An updated release of Knoppix 3.4 is now available: "V3.4-2004-05-10 (small updates). Removed some SCSI modules from the regular knoppix26 (Kernel 2.6) startup because they are unstable, use 'expert26' to load them; added script for generating bootfloppies in Knoppix 'Utilities' menu; harddisk installer update from Fabian Franz; 'knoppix splash' fixes; timezone and language setting add-ons; added linlinc1 for captive-ntfs for download capabilities; changed some e100/eepro100 network driver entries in hardware detection; the usual Debian package updates." The full changelog.
The much awaited Knoppix 3.4 is out!
(full image size 461kB)
Development and unannounced releases
|Upcoming Releases and Announcements
SUSE LINUX 9.1 FTP Edition
Several readers have emailed about the updated message on the SUSE FTP server indicating that the freely downloadable FTP edition of SUSE LINUX 9.1 will be available on 4 June 2004: "This tree contains the source RPM packages for the SUSE LINUX 9.1 distribution. The SUSE LINUX 9.1 ftp version will be published on June 4th in this directory."
Source Mage GNU/Linux 1.0
Eric Sandall, the lead developer of the Source Mage GNU/Linux distribution, has posted a roadmap leading towards stable version 1.0: "I have a rough Roadmap written and would like some comments. I'm planning on adding a list of the bugs needed to be fixed for the 1.0 release, but if others would also like to pitch in, post here and we'll talk about it. ;) You'll note that I haven't done any post-1.0 lists on there as I'd like to get 1.0's Roadmap up first." The details are available here.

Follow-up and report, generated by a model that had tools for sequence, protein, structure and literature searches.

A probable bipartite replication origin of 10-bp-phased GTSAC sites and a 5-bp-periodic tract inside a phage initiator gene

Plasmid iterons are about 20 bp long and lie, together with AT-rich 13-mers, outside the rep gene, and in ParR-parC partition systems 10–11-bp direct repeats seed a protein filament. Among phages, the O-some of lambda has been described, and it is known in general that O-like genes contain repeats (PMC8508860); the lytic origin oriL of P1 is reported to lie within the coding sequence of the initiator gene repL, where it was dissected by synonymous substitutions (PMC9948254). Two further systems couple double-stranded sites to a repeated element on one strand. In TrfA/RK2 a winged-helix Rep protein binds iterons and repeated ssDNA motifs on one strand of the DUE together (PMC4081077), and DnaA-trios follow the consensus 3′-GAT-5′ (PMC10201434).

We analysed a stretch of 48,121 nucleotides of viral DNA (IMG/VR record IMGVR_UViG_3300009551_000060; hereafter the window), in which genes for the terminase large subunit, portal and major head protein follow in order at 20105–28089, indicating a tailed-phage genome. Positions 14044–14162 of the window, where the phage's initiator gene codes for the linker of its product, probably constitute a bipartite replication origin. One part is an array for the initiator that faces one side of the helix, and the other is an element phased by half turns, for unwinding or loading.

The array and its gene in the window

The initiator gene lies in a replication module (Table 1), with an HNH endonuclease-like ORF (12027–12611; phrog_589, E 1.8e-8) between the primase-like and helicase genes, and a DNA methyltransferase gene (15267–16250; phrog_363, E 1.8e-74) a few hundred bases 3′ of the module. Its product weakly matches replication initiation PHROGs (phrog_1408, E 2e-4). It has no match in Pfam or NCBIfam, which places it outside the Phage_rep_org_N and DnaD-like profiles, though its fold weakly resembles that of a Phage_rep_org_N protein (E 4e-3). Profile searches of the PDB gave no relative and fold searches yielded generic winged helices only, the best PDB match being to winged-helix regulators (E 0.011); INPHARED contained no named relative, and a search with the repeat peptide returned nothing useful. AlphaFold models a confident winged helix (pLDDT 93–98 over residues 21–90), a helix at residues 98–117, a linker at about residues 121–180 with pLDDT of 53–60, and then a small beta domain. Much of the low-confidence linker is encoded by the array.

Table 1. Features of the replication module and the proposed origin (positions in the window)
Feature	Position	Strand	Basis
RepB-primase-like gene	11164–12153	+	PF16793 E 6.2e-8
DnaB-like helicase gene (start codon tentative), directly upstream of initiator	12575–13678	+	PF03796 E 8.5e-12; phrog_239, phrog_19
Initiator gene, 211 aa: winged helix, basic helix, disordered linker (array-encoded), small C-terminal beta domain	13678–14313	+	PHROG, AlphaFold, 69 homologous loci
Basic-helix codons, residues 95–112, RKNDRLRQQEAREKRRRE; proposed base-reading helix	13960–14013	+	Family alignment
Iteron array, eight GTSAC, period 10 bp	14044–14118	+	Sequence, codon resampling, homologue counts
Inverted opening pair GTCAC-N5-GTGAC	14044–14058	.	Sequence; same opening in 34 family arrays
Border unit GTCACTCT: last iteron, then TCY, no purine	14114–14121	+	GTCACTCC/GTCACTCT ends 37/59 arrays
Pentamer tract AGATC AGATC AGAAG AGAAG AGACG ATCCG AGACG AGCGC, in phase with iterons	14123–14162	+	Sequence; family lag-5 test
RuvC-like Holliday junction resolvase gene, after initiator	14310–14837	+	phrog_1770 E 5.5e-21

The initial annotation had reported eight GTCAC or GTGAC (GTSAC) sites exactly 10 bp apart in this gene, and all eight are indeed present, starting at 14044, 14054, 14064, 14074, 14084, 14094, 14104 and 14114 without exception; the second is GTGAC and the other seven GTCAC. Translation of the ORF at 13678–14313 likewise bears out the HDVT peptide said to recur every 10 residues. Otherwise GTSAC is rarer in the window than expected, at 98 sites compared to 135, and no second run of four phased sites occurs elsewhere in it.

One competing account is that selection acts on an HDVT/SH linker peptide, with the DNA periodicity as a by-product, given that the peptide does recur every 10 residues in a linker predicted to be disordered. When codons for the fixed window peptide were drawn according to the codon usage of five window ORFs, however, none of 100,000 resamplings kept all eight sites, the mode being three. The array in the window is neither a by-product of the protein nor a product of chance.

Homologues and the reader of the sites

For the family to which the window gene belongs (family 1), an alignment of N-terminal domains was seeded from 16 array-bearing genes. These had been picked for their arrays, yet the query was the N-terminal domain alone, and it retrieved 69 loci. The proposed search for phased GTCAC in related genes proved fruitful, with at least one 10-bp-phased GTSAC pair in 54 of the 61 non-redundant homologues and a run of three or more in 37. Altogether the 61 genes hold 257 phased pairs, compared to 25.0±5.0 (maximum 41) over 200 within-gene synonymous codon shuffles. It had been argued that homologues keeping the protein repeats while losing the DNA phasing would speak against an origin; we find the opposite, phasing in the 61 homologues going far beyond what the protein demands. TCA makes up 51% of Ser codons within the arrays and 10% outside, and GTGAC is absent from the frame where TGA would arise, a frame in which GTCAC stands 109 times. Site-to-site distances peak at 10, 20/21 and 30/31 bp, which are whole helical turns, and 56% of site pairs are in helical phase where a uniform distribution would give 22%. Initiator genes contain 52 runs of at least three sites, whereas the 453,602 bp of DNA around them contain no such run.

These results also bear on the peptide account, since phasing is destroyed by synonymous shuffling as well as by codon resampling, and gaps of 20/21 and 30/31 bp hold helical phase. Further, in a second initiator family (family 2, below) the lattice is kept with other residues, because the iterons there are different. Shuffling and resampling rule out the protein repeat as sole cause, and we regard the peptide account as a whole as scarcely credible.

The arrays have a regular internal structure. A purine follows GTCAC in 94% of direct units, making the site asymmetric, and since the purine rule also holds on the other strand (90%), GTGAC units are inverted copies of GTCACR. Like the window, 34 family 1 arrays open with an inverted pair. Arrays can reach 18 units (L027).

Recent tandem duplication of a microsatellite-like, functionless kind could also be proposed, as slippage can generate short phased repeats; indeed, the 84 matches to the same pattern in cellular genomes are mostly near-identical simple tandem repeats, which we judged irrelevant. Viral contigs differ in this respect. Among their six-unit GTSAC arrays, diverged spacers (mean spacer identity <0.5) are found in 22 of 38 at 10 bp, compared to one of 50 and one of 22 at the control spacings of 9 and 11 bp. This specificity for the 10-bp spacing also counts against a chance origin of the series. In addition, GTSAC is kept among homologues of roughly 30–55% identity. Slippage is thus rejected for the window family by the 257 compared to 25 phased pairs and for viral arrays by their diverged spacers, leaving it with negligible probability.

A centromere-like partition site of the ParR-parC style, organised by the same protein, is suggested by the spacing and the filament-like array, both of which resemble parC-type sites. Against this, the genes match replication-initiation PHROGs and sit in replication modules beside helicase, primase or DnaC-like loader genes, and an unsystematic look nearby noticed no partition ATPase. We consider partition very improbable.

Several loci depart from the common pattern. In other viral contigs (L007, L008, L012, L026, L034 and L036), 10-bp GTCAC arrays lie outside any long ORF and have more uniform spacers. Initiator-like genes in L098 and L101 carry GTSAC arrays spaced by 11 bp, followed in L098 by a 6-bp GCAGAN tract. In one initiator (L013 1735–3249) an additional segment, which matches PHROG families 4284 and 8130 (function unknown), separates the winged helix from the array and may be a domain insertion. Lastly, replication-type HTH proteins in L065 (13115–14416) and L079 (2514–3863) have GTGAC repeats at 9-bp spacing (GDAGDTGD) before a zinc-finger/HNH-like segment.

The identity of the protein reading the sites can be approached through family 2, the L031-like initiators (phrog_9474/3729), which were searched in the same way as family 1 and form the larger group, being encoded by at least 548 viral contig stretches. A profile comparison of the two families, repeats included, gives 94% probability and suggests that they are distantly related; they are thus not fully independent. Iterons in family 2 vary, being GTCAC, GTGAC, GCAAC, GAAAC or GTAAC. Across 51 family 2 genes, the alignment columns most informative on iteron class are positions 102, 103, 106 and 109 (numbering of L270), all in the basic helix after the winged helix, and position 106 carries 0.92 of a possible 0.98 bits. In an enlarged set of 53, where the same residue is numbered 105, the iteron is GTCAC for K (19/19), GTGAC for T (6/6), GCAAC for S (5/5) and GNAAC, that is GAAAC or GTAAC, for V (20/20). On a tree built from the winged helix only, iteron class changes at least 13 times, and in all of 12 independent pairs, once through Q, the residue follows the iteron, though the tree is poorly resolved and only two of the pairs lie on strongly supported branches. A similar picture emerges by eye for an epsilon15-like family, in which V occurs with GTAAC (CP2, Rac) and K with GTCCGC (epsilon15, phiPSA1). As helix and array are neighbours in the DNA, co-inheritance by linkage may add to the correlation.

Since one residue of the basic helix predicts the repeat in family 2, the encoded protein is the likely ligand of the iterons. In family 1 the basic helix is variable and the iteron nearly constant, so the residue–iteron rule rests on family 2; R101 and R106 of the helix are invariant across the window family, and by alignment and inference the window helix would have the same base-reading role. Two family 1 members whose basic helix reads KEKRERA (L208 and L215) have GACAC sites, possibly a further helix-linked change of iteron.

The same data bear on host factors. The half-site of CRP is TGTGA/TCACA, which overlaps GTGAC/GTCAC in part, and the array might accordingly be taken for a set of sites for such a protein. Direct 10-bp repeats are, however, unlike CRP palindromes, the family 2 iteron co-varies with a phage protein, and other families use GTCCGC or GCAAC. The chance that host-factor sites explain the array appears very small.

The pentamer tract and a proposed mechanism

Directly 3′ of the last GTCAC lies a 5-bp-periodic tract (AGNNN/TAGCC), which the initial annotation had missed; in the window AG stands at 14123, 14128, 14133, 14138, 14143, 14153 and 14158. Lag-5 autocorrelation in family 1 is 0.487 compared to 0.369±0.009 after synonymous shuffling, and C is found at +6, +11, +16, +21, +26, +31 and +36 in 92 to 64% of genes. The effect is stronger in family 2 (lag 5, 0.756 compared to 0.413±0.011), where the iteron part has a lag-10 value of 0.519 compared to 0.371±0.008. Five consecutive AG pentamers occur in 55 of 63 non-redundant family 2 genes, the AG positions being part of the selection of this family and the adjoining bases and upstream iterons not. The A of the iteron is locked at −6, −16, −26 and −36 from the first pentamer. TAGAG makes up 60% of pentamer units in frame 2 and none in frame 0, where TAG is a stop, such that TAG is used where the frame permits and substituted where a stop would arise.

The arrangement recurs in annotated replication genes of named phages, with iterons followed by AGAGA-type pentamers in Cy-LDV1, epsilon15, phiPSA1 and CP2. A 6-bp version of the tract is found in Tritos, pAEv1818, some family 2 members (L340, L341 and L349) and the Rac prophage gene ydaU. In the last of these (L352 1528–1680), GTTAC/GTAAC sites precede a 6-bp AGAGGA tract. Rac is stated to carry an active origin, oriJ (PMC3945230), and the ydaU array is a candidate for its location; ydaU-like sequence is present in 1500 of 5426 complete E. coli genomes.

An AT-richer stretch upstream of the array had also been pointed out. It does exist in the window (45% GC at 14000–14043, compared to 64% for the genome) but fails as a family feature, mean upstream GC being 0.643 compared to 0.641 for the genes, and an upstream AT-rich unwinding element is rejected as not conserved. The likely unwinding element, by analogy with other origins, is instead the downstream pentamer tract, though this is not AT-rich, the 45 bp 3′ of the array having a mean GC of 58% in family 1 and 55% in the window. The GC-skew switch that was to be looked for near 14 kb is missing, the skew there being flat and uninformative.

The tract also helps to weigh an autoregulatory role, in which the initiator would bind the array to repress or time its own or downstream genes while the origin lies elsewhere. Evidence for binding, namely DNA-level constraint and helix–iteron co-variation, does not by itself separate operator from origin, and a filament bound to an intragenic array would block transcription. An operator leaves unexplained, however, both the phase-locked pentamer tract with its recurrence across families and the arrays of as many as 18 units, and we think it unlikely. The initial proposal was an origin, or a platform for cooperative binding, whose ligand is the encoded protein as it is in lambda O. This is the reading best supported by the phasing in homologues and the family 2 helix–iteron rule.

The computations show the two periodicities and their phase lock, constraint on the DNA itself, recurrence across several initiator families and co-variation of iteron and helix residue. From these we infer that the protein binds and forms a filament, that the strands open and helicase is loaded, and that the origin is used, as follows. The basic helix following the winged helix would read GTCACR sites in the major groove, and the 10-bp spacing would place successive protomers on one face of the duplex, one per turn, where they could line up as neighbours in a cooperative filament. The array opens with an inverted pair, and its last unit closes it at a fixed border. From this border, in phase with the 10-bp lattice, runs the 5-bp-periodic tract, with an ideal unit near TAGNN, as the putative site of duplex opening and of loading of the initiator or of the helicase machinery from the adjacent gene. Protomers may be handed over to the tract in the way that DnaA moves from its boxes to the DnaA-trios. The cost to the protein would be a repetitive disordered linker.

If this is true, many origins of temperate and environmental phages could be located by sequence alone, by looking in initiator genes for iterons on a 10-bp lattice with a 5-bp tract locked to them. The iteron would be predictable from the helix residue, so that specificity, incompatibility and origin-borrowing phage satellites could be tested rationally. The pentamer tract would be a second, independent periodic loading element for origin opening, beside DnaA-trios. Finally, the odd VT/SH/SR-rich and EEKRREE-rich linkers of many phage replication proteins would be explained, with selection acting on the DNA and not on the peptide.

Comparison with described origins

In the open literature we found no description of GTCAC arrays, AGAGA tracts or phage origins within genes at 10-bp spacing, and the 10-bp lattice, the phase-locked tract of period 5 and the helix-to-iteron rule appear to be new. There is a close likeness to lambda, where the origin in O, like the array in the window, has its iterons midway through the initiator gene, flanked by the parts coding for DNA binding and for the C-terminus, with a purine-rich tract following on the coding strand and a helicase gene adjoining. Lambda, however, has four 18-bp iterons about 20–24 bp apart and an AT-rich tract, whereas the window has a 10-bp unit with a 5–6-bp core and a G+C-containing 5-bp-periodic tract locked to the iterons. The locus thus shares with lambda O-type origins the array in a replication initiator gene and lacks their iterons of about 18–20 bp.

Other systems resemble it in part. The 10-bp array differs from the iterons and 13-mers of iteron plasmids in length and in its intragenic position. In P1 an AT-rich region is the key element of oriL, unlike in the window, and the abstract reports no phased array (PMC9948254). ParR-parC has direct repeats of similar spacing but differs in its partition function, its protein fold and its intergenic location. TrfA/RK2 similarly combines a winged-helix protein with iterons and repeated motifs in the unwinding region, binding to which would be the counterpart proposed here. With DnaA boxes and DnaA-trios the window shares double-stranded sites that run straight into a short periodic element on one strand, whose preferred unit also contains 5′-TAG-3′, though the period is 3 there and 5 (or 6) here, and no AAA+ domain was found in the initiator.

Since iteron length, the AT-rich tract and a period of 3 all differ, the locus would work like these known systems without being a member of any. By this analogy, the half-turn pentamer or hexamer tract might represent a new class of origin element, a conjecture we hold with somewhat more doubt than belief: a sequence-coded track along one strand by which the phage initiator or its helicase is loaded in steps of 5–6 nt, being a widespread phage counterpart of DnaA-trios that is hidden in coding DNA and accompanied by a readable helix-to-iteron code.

|Web Site News
Web site layout changes
Based on our recent discussion in this forum, the DistroWatch web site has been given a makeover. The changes are largely cosmetic; some less important content has been removed from the top of the pages, thus reducing the site's title and navigation bar into a more compact entity on the top of each page. This should satisfy those users who previously complained that they had to scroll down to see the site's main content.
The migration to the new layout has uncovered some less than ideal design faults of the existing content, which will take a few days to fix. I have tested the layout extensively in the latest versions of Opera, Mozilla, Firefox, Galeon and Konqueror, but if you use a different browser, or find bugs, please report them. As always, you are welcome to comment, and even express criticism on the site's new layout and colour scheme, or suggest any other ideas that would make DistroWatch.com a pleasant site to visit and navigate.
A new policy regarding release announcements
It is happening with an increased regularity - maintainers and developers of several distributions have acquired a habit of submitting a release announcement of their products to DistroWatch, without publishing the announcement on their own web sites. To prevent any misunderstandings whether a distribution "release" is official or not, a new announcement policy comes into effect on DistroWatch immediately. From now on, a distribution release will not be announced on DistroWatch unless a release announcement (or at the very least a changelog) is also published on the distribution's own web site. The announcement doesn't have to be in English, but it should include a basic list of new features, and it should give a clear indication about the availability of the new product, or a new version of the product.